Where there had been 300, there were 29. Meadowlarks and grackles, in fact, outnumbered them, all thanks to a single weather system that dropped temperatures perilously close to that magical 50 degrees.

If temperatures remain above 50 degrees, the coveted local population of mourning doves will stick around. If it drops below 50, they'll head south.

It's that simple.

To be sure, doves from northern states -- Nebraska and South and North Dakota -- will stream into Kansas as well, but they're shunned by many, the meat hardened by the flight in.

The morning drives to work have long been my measure of population for doves, and prior to Aug. 25, when that cool front swooped in, they were plentiful.

As in hundreds of them.

Two days after the cool front, and only a few days before the proverbial Sept. 1 opening of hunting season, they were down to a paltry few. On the eve of opening day, I could count them on one hand.

My hopes were dashed. I had so wanted to pick up my 5 gallon bucket, a couple boxes of shells and park it on the banks of the drought-ravaged pond I live by.

I simply knew I couldn't miss.

After all, the birds were thick, the spotty water would beckon them and surely, I reasoned, my aim would hold true on at least a few birds.

I already had the bacon in the freezer for wrapping the tiny, but oh so tasty, dove breasts that surely would cook to perfection on my grill.

Yes, I was counting my birds before they were shot.

I do that every year, and rarely am I wrong. I know my limits, at least as far as my shooting ability is concerned.

Or, I should say, I know how talented mourning doves are in dodging the thousands of pellets I toss at them each year.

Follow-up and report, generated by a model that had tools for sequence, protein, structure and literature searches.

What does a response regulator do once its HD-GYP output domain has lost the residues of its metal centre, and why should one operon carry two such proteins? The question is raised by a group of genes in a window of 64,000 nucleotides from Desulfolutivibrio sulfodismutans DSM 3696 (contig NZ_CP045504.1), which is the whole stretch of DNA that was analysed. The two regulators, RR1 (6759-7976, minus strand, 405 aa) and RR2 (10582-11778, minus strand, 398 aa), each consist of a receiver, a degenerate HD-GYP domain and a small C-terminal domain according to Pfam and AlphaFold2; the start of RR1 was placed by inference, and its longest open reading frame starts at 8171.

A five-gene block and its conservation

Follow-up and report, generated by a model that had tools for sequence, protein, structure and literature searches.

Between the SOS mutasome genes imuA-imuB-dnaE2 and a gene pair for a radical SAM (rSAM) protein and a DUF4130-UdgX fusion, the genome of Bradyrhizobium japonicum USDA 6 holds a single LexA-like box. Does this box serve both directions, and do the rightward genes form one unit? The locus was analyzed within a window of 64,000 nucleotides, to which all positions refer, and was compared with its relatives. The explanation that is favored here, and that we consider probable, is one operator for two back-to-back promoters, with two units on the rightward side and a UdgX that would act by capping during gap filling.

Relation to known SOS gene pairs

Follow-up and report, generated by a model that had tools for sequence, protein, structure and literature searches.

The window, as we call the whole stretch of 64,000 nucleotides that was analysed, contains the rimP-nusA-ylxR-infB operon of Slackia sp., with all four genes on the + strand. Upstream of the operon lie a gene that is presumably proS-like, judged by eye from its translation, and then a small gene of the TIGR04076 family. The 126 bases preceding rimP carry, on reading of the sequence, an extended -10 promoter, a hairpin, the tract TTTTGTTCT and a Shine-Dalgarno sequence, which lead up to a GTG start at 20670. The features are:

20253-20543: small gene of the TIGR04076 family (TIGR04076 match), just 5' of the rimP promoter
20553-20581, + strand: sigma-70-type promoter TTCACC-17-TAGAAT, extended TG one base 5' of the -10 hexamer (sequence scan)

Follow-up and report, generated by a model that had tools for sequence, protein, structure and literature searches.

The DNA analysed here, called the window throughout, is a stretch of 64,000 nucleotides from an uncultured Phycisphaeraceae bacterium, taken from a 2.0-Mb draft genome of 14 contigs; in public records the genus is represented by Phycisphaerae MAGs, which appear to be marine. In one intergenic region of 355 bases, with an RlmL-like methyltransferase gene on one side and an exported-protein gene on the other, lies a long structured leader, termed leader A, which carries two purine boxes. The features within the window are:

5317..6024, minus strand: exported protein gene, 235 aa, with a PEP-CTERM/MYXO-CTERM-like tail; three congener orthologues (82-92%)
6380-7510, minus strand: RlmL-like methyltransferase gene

While many target shooters calculate the wind and distance for setting their sights, the primary variables I use on hunting doves are more basic:

* Is it dry?

* Has it dropped below 50 degrees?

* Is the damnable Kansas wind blowing in excess of 50 mph on opening day?

If the latter variable is true, I stay home and watch some mind-numbing television program, you know, like the local weather report that all but glosses over the western part of the state.

The other two factors simply tell me how successful my hunts will be.

But with scattered reports (including one from the TV meteorologist, which naturally proved to be in error) of temperatures dipping below 50, I was fearful of a season that could have been great, should have been great, but most likely will be marginal.

But it was so close.

* * *

As it turned out, after fighting mosquitoes for what seemed like an eternity, I relented and doused myself with bug spray before heading out to the better-than-half-filled pond.

Sitting on my trusty bucket, I waited. And waited. And waited.

Another mosquito decided to dine on me, as a few shots could be heard on the horizon.

A single dove slipped past me, coming in over my right shoulder. I never had a chance for a shot

But just then a rock pigeon, the bane of grain elevators and stores with overhangs, happened by. I laid him on the ground with a single shot.

So I moved my bucket. And waited. And waited. And waited some more.

Granted, I was delighted with the bullfrogs that sat motionless in the shallow edges of the pond, or the turtles that popped their heads out of the water to look about and grab a breath of air.

The dragonflies, however, were astounding, flitting about in huge numbers. What that means, I'm not sure, but it was quite a sight.

Unlike the doves, of course.

There were a dozen or so sitting on a power line, conveniently out of range.

After 40 minutes, I'd had enough, picking up my bucket and headed back to the vehicle.

I had my answer, and it wasn't good. We had such amazing prospects for a good season and Mother Nature frittered it all away, delivering it instead to points south.

That doesn't mean, however, that I won't be back up at the pond.

Next time though, I'll be bringing the camera, as the frogs, turtles and dragonflies were immensely more impressive than the doves.

A single outing almost makes me wish I hadn't spent $2.50 on a HIP stamp. My harvest information won't be worth diddly-squat, just as the hunting wasn't either.